She stood up and put her hand on the door just as it flew open, knocking her backwards a couple feet. Startled, she instinctively fired her gun mid-flight, and was rewarded with an embarrassed yelp and a violent thud. She peeked over her kneecap after she crash landed on the hardwood floor and saw a suit sprawled out in the hallway in a similar position. His arm was bleeding.

They regarded each other for a moment, not entirely sure on what just happened and equally clueless as to what to do next. The suit kind of cocked his head in curiosity at Faye, and this lopsided, unreadable smile crossed his face. It only lasted a moment, though, and then he was reaching for his gun.

Faye slid across the floor and slammed the door shut. By some miraculous stroke of timing, the door flew shut just as the suit was planning to rise to his feet. This put him at a perfect angle to get cracked in the forehead with the doorknob, and the door bounced recklessly off his skull to slam right back into Faye's shoulder. "Ow!" she whined, and then she noticed that it was very quiet.

She peeked around the door to see the hit man lying stunned in the doorway. She couldn't help but take a moment to marvel at the absurdity of her good luck, then decided that the window was the next best route of escape. She had barely turned around, however, before she felt someone grab her ankle. Before Faye could even register what was happening, she had hit the floor with an ungraceful thud, sending her own weapon flying. She twisted herself around and saw that the hit man had made a miraculous recovery from his run in with the doorknob.

He was playing dead, she thought. How droll.

In a motion that was jarringly snake like, the man shot the entire length of his body on top of hers, pressing her own body to the floor. "You couldn't have picked a worse time to come a wassailing, girlie," he grinned, his breath moist and sickening on Faye's neck.

She attempted to wriggle free but he grabbed her leg and yanked her fiercely back on the ground. What was he going to do to her? If he wanted to kill her he could have done it by now. She looked briefly into his eyes and was momentarily thrown by the amusement glinting inside them. She got the feeling this was becoming more a matter of pleasure than business, and her eyes narrowed with steely resolve at the thought. In a flash of movement so slick it even startled her, Faye grabbed the gun from off her opponent's holster and smashed the butt of it into his nose.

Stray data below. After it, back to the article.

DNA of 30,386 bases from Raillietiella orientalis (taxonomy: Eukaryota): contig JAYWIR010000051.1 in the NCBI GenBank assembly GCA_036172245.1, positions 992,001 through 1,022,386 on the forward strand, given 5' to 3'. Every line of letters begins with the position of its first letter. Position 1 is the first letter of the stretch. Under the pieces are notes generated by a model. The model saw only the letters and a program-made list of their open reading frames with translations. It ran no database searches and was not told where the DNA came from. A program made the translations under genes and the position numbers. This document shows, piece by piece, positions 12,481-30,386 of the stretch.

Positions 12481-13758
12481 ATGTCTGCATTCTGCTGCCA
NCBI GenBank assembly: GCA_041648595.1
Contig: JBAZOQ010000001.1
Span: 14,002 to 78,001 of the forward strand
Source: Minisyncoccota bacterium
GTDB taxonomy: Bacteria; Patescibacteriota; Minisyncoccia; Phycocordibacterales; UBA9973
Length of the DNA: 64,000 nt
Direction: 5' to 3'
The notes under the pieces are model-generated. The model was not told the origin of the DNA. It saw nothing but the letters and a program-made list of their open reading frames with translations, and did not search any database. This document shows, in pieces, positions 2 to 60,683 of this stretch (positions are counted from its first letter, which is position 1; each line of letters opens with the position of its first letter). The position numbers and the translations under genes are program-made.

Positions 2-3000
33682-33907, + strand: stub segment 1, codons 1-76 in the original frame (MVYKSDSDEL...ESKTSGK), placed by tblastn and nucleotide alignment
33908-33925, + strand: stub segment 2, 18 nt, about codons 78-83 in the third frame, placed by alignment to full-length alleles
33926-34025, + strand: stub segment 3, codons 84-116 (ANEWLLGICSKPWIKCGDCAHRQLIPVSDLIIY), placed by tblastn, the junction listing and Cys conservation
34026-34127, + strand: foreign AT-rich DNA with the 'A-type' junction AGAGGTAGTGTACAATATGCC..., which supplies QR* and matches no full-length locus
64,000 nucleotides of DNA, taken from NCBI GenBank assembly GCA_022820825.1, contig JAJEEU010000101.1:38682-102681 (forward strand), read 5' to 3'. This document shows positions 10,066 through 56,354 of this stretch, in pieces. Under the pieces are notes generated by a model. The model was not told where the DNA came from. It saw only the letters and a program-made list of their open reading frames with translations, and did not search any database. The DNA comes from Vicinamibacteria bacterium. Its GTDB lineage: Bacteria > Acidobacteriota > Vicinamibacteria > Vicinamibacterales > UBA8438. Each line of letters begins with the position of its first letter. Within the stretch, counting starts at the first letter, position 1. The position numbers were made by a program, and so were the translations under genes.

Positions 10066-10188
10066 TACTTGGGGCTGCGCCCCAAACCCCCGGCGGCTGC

The man cried out in a shocked falsetto and Faye squealed as she was covered in a torrent of hot, sticky, red liquid. She took a moment to gather her wits about her before she scrambled out from under him and cracked the gun into the back of his head. Clunk. His eyes crossed as he fell to the floor. Faye stood over him with her weapon aimed squarely at his head in case he wanted to try his little ruse a second time. He didn't stir.

Faye knew that it was probably prudent to shoot him but she was not really in the state of mind to be taking human life. It was hard to switch from a craving for eggnog to a lust for blood seamlessly. She sighed deeply as she took one last glance around the room. Cranberry sauce, tinsel, a plastic snowman... a dead guy and an unconscious hit man...

Every time a bell rings, an angel gets his wings, the TV reminded her in the now otherwise silent room.

"Oh yeah?" she sighed as she stooped down to retrieve her Glock. "And what do they do when a gun goes off?"